Later On

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Archive for July 25th, 2018

Facebook Promises to Bar Advertisers From Targeting Ads by Race or Ethnicity. Again.

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Facebook seems to be a horrible company and Zuckerberg incompetent as a CEO. Ariana Tobin’s report in ProPublica strongly suggests that legislation is need: corporate promises are totally worthless.

Facebook announced Tuesday that it would make “legally binding” changes to its advertising platform, removing some features that allowed discrimination in housing, employment, insurance and credit ads.

The social networking company’s pledges came in response to an investigation by the state of Washington prompted by a November 2016 ProPublica article. The article disclosed that the company’s software made it possible for marketers to tailor who saw Facebook ads by race, gender, nationality and other characteristics protected by the Fair Housing Act of 1968.

The housing act bars publication of any advertisement “with respect to the sale or rental of a dwelling that indicates any preference, limitation, or discrimination based on race, color, religion, sex, handicap, familial status, or national origin.”

An initial test by ProPublica of Facebook’s automated ad system in 2016 revealed that discriminatory ads for housing sailed through in seconds. That story prompted the company to say that it would institute much stricter controls to prevent advertising that excluded particular groups.

In November 2017, we tested the system again, and found that Facebook had not made any meaningful changes. Third-party advertisers equipped with Facebook’s targeting tools were still able to block users the company identified as belonging to “multicultural affinity” categories like “Hispanic US” or “African American” from seeing ads on their newsfeed for housing, employment and credit opportunities. In some cases, we found specific instances of discrimination, including more than two dozen companies that had taken out job ads exclusively targeting younger job seekers.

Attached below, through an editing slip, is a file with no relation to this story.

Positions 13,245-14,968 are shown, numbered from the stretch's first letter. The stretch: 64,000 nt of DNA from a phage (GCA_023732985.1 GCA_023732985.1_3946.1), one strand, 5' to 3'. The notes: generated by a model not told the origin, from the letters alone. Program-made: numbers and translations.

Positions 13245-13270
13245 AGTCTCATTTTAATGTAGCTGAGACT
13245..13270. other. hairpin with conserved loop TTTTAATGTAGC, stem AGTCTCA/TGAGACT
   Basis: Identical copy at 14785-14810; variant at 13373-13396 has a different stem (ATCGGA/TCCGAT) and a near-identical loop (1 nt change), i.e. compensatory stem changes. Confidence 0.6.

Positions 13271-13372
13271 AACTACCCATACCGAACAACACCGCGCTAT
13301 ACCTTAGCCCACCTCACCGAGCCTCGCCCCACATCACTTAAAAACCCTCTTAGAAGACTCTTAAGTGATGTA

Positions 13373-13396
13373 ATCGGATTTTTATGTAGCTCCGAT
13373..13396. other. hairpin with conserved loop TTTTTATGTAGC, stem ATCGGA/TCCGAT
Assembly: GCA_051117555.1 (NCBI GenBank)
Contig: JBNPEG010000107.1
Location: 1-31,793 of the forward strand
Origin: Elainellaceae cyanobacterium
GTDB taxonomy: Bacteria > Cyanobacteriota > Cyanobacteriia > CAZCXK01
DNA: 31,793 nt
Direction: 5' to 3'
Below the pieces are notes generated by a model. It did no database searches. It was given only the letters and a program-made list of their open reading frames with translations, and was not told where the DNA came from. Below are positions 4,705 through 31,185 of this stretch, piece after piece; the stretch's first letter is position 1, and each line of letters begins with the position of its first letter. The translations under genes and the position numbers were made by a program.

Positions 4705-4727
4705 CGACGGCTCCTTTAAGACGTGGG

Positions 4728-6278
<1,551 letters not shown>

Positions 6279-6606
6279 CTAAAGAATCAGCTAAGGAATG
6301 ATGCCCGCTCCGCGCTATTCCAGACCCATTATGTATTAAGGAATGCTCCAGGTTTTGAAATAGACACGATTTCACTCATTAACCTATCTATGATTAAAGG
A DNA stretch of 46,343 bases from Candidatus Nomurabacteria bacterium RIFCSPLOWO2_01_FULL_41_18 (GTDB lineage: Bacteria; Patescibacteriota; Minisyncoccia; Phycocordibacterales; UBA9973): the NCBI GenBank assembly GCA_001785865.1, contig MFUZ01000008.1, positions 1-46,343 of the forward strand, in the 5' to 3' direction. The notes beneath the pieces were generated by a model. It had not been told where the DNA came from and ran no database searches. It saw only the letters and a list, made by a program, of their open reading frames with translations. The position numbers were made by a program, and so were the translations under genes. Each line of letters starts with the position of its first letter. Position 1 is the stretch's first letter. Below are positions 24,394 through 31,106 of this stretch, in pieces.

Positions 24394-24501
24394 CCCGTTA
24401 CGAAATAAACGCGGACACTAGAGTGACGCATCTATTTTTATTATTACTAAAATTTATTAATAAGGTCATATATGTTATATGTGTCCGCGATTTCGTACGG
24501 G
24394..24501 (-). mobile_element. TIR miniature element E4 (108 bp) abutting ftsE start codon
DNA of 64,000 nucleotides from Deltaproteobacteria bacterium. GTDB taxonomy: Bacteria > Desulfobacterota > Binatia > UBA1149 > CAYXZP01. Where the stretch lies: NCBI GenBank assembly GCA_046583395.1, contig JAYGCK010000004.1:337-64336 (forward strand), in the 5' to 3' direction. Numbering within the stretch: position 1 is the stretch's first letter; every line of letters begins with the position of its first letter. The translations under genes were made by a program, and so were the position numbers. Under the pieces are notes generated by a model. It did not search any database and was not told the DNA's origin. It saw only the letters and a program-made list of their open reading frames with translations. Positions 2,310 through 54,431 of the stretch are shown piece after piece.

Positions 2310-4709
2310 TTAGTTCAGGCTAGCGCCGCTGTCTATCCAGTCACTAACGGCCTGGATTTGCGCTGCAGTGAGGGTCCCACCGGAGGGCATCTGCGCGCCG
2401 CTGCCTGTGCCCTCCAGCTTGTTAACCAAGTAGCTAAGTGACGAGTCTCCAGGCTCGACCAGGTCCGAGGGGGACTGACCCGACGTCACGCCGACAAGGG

Facebook’s advertising portal has since faced legal challenge on multiple fronts, including a lawsuit alleging housing discrimination and a lawsuit arguing against illegal age bias in employment ads. Investigators in Washington Attorney General Bob Ferguson’s office expanded upon the ProPublica inquiry by purchasing 20 more fake ads that cleared the approval process and hunting for live ads excluding protected categories of people from opportunities. The office said it found real-world examples of ads that did just that.

“Facebook’s advertising platform allowed unlawful discrimination on the basis of race, sexual orientation, disability and religion,” said Ferguson. “That’s wrong, illegal, and unfair.”

Facebook says changes will apply nationwide, and says many of the required changes have already been rolled out. In a statement late last year, the company promised to make temporary changes preventing advertisers from excluding audiences by race while it studied the use of its advertising system, claiming: “We believe advertising should be safe and civil. It should not divide or discriminate.”

In April, it announced more updates, including the removal of some exclusionary categories advertisers could use to target by ethnicity, disability, and more.

The settlement with Washington requires more permanent fixes, and added legal pressure requiring the company to follow through within the next 90 days. The agreement says Facebook can no longer display drop-down menus allowing advertisers to exclude ethnic groups from advertisements for housing, credit, employment, insurance or “public accommodations” of any kind, ranging from “auto dealers, beauty salons and restaurants to colleges, hospitals and professional sports stadiums.” The social network service also must pay the attorney general’s office $90,000 in costs and fees.

In the settlement, however, Facebook denies that its platform violated anti-discrimination law, citing immunity under Section 230 of the Communications Decency Act of 1996, which bars claim against internet companies for content it hosts. The agreement also stipulates that the company will not be held liable for more subtle categories related to protected characteristics — only those that “on their face directly describe a Facebook user as possessing a “Protected Characteristic.” An advertiser can no longer exclude “wheelchair users” or “Chinese people,” for example, but will be able to exclude those interested in “disability rights” or “Chinese literature.” Advertisers can also continue to use Facebook’s tools to target by age and gender.

“I think it’s a really good first step to bind Facebook to many of the prior commitments that Facebook made publicly. There is a real difference between a legal agreement that can be enforceable in court versus a company’s promises it can break without any real consequence,” said Peter Romer-Friedman, a lawyer with Outten & Golden LLP and the lead attorney on two anti-discrimination lawsuits filed against Facebook. “At the same time, this agreement commits Facebook to not much more than what it already previously committed to doing.” . . .